In spite of striking cultural differences regarding willingness to accept risk, countries around the world have converged on three general principles of risk assessment for transgenic crops: containment, the principle of familiarity, and a reliance on small-scale experiments. We discuss each of these approaches and their limitations. Finally, in recognition of the shortcomings of existing screening procedures, we end with a recommendation that greater consideration be given to postrelease monitoring of transgenic plantings.

CONTAINMENT

The most straightforward way to manage the risk of a biological organism would be to simply contain the organism, to somehow prevent it from spreading beyond its intended release site. For instance, the initial experiments with genetically engineered ice-minus bacteria in Northern California were subjected to elaborate security measures, including fences and broad isolation zones. In its 1989 report on the field testing of genetically modified organisms, the National Research Council (NRC) offered the optimistic conclusion that "routinely used methods for plant confinement offer a variety of options for limiting both gene transfer by pollen and direct escape of the genetically modified plant" (NRC, 1989, p. 36). If transgenic plants and genes could in fact be contained, decisions regarding their risks would be greatly simplified. Yet, on the contrary, data from field trials clearly demonstrate that this initial faith in the feasibility of containment was overly optimistic. For some species hybridization and transfer of genes to wild relatives can occur very rapidly (e.g., Mikkelsen et al., 1996). In addition, direct field experiments indicate that, although most pollen moves only short distances from source plants, a measurable quantity of pollen travels vast distances, making containment of transgenic pollen highly unlikely (e.g., Kareiva et al., 1991; Kareiva et al., 1994; Lavigne et al., 1998).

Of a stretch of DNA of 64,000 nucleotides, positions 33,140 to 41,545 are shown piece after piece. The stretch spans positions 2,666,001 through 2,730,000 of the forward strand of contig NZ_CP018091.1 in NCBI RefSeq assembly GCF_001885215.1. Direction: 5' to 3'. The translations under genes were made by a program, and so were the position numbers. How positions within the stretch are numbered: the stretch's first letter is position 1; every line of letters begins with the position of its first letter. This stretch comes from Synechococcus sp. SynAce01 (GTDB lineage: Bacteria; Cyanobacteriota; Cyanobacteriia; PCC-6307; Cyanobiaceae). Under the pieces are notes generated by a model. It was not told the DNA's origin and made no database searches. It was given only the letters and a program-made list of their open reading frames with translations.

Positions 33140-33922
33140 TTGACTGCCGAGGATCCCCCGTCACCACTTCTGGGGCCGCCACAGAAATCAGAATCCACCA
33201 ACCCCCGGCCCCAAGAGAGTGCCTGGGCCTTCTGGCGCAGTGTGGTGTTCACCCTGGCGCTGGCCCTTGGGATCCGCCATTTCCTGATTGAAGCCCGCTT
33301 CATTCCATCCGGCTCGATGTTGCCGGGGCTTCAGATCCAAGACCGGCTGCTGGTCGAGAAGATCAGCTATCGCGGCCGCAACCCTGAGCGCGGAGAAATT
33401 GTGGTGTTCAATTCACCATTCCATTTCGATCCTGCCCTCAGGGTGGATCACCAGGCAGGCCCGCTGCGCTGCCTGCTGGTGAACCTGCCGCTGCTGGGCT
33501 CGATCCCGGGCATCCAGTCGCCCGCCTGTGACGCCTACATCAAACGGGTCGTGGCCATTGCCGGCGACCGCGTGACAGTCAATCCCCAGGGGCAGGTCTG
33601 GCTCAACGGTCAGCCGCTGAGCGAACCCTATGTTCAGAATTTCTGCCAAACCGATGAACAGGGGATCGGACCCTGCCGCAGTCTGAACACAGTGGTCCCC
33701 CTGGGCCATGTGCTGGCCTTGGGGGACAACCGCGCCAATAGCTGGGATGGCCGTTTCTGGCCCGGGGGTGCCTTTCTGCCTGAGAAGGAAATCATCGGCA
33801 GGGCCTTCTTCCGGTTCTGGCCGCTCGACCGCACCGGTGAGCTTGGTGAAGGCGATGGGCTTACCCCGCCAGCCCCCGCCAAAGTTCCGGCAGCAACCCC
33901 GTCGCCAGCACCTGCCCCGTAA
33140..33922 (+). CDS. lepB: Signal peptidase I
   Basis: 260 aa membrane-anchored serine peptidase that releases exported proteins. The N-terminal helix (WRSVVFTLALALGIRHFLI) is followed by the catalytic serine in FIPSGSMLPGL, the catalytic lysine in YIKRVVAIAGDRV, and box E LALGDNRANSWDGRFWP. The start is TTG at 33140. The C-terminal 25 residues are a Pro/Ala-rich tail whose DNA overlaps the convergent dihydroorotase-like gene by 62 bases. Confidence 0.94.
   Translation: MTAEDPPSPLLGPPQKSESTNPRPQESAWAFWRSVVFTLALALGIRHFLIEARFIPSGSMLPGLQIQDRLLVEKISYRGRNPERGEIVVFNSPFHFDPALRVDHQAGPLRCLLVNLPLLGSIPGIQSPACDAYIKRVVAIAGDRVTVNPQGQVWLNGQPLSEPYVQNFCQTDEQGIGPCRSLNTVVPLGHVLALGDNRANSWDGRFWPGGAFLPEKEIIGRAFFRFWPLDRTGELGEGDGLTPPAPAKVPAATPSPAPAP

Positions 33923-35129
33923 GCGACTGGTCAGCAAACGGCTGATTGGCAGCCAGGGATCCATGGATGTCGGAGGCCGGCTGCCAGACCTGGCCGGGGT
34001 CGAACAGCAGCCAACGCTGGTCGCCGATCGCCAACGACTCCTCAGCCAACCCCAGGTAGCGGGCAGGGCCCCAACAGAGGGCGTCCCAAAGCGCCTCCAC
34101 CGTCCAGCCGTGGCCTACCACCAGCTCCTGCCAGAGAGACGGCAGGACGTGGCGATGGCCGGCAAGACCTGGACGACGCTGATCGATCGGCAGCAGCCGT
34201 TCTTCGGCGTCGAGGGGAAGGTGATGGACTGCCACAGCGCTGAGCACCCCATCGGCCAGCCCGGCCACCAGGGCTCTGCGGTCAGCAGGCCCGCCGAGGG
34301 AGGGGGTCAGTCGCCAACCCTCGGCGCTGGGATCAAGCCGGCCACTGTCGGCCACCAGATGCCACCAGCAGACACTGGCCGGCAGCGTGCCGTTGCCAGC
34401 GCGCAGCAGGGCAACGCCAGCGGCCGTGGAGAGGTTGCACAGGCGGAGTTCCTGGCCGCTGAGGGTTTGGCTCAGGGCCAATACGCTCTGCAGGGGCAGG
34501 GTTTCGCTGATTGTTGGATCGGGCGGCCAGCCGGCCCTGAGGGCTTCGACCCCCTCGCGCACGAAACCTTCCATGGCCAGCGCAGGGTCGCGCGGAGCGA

Potential methods of containment include the use of barren zones around crops and plantings of trap plants into border rows. Unfortunately, barren zones may actually cause increases in the mean distance or amount of gene flow out of plots (Manasse, 1992; Morris et al., 1994). Although the use of border rows to trap pollen has proven more successful in reducing the extent of gene movement, the borders must be substantially larger than the transgenic fields, making their use impractical for agronomic-scale plantings (Hokanson et al., 1997).

Even in cases where gene transfer is an extremely infrequent event, the notion that transgenes could ever be completely contained remains indefensible. Furthermore, with large-scale commercial production, the sources of transgenes are so plentiful and opportunities for exchange so widespread, containment can not possibly be considered as a tenable risk management procedure. It is noteworthy that regulations in the United States and in the European Union do not in any way rely on containment as part of their risk management procedure for commercial products. In these countries, containment practices are only required for small-scale experiments during the research and development stage of novel cultivar breeding and genetic modification.



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